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Savoring readingschoolwide
Savoring readingschoolwide
Savoring readingschoolwide
Savoring readingschoolwide
Savoring readingschoolwide
Savoring readingschoolwide
Savoring readingschoolwide
Savoring readingschoolwide
Savoring readingschoolwide
Savoring readingschoolwide
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Savoring readingschoolwide

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  • 1. Savoring Reading SchoolwideSally M. Reis and Elizabeth A. Fogarty<br />Jackie Krogulski<br />
  • 2. School Enrichment Model in Reading<br />Collaboration of teachers and researchers from the University of Connecticut.<br />Focuses on engaging students in challenging reading accompanied by instruction in higher-order thinking and strategy skills.<br />Teachers guide students to continue reading and challenging themselves.<br />Called SEM-R<br />
  • 3. Why Enrichment Is Not Optional<br />Standardized testing (American College Test) demonstrates that students are not prepared for college or jobs, especially minority and poverty living students.<br />Schools need to try alternative methods of teaching reading that promote a lifelong enjoyment of reading.<br />Schools that have used the SEM-R approach have been successful in fluency and comprehension.<br />
  • 4. How The Model Works<br />Developed from a model used in gifted education.<br />Focuses on increasing a student readers’ enjoyment through planned enrichment experiences<br />Includes three categories:<br />Broad exposure to appropriate texts and areas of possible interest.<br />Higher-order thinking skills training and methods instruction.<br />Opportunities to pursue self-selected activities.<br />
  • 5. Phase 1: Hooking Kids on Literature<br />In Phase 1, teachers read out loud to students from diverse texts and find books that are geared to each class’s interests, reading levels, backgrounds, and cultures.<br />In 10-20 minute “book hook” sessions, teachers read excerpts to hook students on reading pausing periodically to ask higher-order questions.<br />The SEM-R team gave teachers laminated bookmarks with cognitively challenging questions to help students become more accustomed to answering higher-level thinking questions.<br />Students are able to write in a reading log the title of books they want to read on their own if the book hood interests them.<br />
  • 6. Phase 2: Supported Independent Reading with Conferences<br />Teachers encourage students to chose high-interest books slightly above their current reading level.<br />Concentration reading began with only 5-10 minutes per day, and increased gradually to 30-45 minutes with specific ground rules for students to follow.<br />Talk openly about the need to develop the habit of focused reading for success in life.<br />Tell students to make sure their brain is not“channel surfing.”<br />Let the students choose where they want to read in the room.<br />Teachers circle the room and offer individual support for differentiated instruction. <br />SEM-R materials provide a series of lessons for teachers to guide individual needs of students.<br />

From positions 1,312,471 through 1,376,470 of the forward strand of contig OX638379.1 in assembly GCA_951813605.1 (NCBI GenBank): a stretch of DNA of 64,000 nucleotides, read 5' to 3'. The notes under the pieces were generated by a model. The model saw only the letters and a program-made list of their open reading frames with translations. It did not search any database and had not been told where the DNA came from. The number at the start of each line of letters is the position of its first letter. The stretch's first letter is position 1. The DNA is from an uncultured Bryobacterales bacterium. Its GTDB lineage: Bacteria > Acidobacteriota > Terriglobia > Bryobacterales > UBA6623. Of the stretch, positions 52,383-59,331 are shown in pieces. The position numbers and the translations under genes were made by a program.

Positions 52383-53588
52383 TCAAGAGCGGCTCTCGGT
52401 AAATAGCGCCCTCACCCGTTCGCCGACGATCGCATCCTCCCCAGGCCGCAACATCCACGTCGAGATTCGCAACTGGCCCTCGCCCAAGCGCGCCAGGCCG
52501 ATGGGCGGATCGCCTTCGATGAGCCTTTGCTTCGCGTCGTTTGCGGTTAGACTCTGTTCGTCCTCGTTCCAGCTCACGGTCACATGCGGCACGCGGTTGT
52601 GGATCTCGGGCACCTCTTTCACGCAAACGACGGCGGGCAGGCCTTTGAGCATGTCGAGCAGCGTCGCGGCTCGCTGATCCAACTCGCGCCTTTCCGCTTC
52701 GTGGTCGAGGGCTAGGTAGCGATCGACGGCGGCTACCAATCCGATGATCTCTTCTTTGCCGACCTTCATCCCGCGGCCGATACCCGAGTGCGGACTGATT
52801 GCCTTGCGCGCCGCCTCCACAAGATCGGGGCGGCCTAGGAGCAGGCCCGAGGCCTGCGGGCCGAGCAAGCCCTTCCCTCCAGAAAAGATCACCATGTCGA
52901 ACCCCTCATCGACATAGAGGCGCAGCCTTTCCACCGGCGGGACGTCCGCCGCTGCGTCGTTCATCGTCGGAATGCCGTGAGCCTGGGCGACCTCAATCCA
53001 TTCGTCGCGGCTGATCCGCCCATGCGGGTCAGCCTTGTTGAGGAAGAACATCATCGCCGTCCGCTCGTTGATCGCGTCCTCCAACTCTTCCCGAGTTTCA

• 7. Phase 3: Options for Individual Interests<br />Teachers encourage students to participate about one hour each week in literacy-related activities.<br />Can be 15 minutes each day or one period devoted to SEM-R.<br />Teachers gave students several different options.<br />Explore the internet and reading materials online.<br />Interest-based projects.<br />Reading aloud with a friend.<br />Book chats in literature circles.<br />Listening to books on tape.<br />This phase pushes students to read critically and find enjoyable challenging literature beyond texts that teachers and schools provide.<br />
  • 8. Results in Urban Schools<br />Students taught with the SEM-R method have more positive attitudes towards reading, higher reading fluency, and comprehension scores, and an increased confidence in answering higher-order thinking questions.<br />Positive changes extended beyond increased test scores. <br />Students could not wait to begin reading, and were upset when the time for the day was up.<br />Children who rarely read, read through entire book series.<br />More advanced conversations occurred regarding books and knowledge students gained from reading more.<br />
  • 9. How this Article affects YOU!<br />Look at other options to reading. Don’t get basal crazy!<br />Don’t be afraid to try something new! Use your own interests to spark those of others.<br />Silent reading time is not a time for correcting papers or writing lesson plans. Move around and talk to you students about what they’re reading!<br />
  • 10. Works Cited<br />Reis, Sally M., and Elizabeth A. Fogarty. "Saboring Reading Schoolwide." Educational Leadership October 2006: 32-35. Print. <br />

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